'The 100' recap: 'Bodyguard of Lies'
I’ve never been in war, but I’ve watched a lot of it on TV and in movies. And if there’s one thing I’ve learned, it’s that there is always time for love during war. Is this actually true? I feel like no, but that didn’t stop our characters on The 100 tonight. The battle has finally begun, and they’re making everybody’s fan-fiction dreams come true.
But before we talk about that, let’s talk about the Desert Crew: Jaha is marching with his small gang through the dark while a guy named Harris is telling a bad Grounder and Reaper joke—which I do not get the punch line to. He starts to tell another joke—which we’ll never hear the punch line to because he gets blown up.
Then it starts raining body parts. And as a woman tries to avoid the arm flying at her, she backs up and explodes, too. Turns out they’re in the middle of a minefield. It figures that on this show you can’t even walk through a barren desert without drama.
And if that weren’t enough, they have to wait out a sandstorm. (I am absolutely obsessed with the visuals of these desert scenes. Bravo visual effects and camera crews.) When the storm stops and they have the light to venture on, they no longer have footprints to follow. They’re grumbling about being in a death trap when they see lights up ahead, which means they’re close to their destination. “These mines are just another test of our faith,” Jaha says.
So ol’ Moses starts off in the desert with his walking stick leading the way and his four stragglers following in his sand wake. But a guy named Richards starts to freak out about having to walk in a straight line. Murphy gets in an Arzt joke (“A shower would be nice right about now… wash off the rest of Harris”), and Richards just can’t take it. He goes running through the desert before Jaha tackles him—right before he almost lands on a mine.
They finally make it to a sign that says “Warning Mines,” which signifies that they can take off running up the sand dunes to see this blessed City of Lights. Except it’s not a city. It’s just endless rows of solar panels and then the beach. Jaha says what we’re all thinking: How are these not destroyed?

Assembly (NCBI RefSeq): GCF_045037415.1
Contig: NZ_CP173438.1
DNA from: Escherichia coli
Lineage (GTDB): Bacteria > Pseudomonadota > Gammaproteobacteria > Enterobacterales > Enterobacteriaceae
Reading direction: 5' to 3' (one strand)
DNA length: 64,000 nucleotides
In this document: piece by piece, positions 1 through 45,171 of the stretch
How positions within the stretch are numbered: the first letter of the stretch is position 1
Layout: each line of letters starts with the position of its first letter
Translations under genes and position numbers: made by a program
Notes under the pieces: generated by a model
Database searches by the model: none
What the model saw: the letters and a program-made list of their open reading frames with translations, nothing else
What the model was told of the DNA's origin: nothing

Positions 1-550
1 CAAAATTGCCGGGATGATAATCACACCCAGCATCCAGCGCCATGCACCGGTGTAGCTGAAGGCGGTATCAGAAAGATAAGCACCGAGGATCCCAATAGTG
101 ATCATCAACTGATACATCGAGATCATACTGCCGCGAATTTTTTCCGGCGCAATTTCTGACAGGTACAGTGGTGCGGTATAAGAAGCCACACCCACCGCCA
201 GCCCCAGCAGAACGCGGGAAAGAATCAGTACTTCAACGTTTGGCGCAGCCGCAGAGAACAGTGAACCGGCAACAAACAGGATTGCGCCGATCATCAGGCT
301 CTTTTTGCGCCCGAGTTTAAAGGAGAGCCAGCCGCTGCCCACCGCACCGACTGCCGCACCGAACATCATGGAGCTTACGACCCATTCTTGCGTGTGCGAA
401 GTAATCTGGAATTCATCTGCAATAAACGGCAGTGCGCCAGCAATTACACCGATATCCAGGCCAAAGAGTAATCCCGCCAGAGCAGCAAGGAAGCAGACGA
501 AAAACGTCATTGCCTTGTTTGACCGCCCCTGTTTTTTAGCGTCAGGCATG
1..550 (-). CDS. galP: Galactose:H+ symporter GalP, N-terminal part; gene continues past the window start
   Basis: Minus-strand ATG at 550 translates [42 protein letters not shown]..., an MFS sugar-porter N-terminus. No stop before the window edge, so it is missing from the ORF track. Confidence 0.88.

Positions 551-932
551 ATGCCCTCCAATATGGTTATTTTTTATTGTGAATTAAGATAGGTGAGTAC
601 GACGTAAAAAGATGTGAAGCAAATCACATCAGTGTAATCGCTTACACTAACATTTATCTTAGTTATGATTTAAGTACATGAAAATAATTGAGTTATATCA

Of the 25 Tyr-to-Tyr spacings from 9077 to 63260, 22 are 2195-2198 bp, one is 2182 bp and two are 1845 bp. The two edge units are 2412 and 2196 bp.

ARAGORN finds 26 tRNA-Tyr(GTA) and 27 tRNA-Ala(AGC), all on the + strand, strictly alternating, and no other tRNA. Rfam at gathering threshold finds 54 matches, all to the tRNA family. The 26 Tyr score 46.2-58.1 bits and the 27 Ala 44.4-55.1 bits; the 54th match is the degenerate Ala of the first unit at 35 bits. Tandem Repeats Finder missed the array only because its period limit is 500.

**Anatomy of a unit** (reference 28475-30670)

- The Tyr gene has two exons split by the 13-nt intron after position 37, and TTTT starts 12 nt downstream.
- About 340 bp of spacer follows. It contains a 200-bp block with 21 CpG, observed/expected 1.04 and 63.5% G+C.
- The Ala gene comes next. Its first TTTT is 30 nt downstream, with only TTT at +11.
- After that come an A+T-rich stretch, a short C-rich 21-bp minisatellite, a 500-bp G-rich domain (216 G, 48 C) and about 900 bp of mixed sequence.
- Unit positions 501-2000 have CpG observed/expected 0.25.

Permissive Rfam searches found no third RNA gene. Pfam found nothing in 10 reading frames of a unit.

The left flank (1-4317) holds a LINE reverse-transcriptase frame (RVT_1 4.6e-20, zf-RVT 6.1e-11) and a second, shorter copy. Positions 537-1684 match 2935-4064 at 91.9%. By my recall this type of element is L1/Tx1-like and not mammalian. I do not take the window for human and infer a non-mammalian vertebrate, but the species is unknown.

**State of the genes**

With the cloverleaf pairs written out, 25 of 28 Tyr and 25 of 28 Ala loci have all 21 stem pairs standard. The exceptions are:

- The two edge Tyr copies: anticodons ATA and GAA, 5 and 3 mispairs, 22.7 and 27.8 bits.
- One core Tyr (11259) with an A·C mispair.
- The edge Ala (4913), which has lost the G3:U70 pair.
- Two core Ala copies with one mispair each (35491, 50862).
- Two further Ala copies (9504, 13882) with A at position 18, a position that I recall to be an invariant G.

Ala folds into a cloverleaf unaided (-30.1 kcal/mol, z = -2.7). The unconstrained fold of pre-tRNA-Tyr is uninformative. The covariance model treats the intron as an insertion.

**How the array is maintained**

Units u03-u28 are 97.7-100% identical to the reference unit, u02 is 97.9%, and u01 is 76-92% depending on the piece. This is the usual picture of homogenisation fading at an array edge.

So Murphy takes a rock to destroy one himself—and they’re promptly spotted by a drone. They take off running after it, hop into a canoe, and sail into our hopes of finally seeing THE CITY OF LIGHTS.
Back to the WAR: In Mount Weather, Cage is full-on angry. He’s said that he’s been safe in their giant bunker for 97 years, and it won’t stop now. (Apparently he’s never heard of knocking on wood or jinxing yourself.) His first plan of attack is taking out Bellamy. Next we see the rogue Sky Person, he’s having issues with his key card. The guard has figured out he’s not Lovejoy—took them long enough—so they start shooting. But Bellamy being Bellamy is able to get away and back to Maya’s house, where her dad and a guard named Lee help him out. It turns out not everyone underground is terrible. They help him get into the acid fog production area (there’s got to be a better name for that). Once there Bellamy coordinates with Raven and Wick—yes WICK!—on how to disable the fog.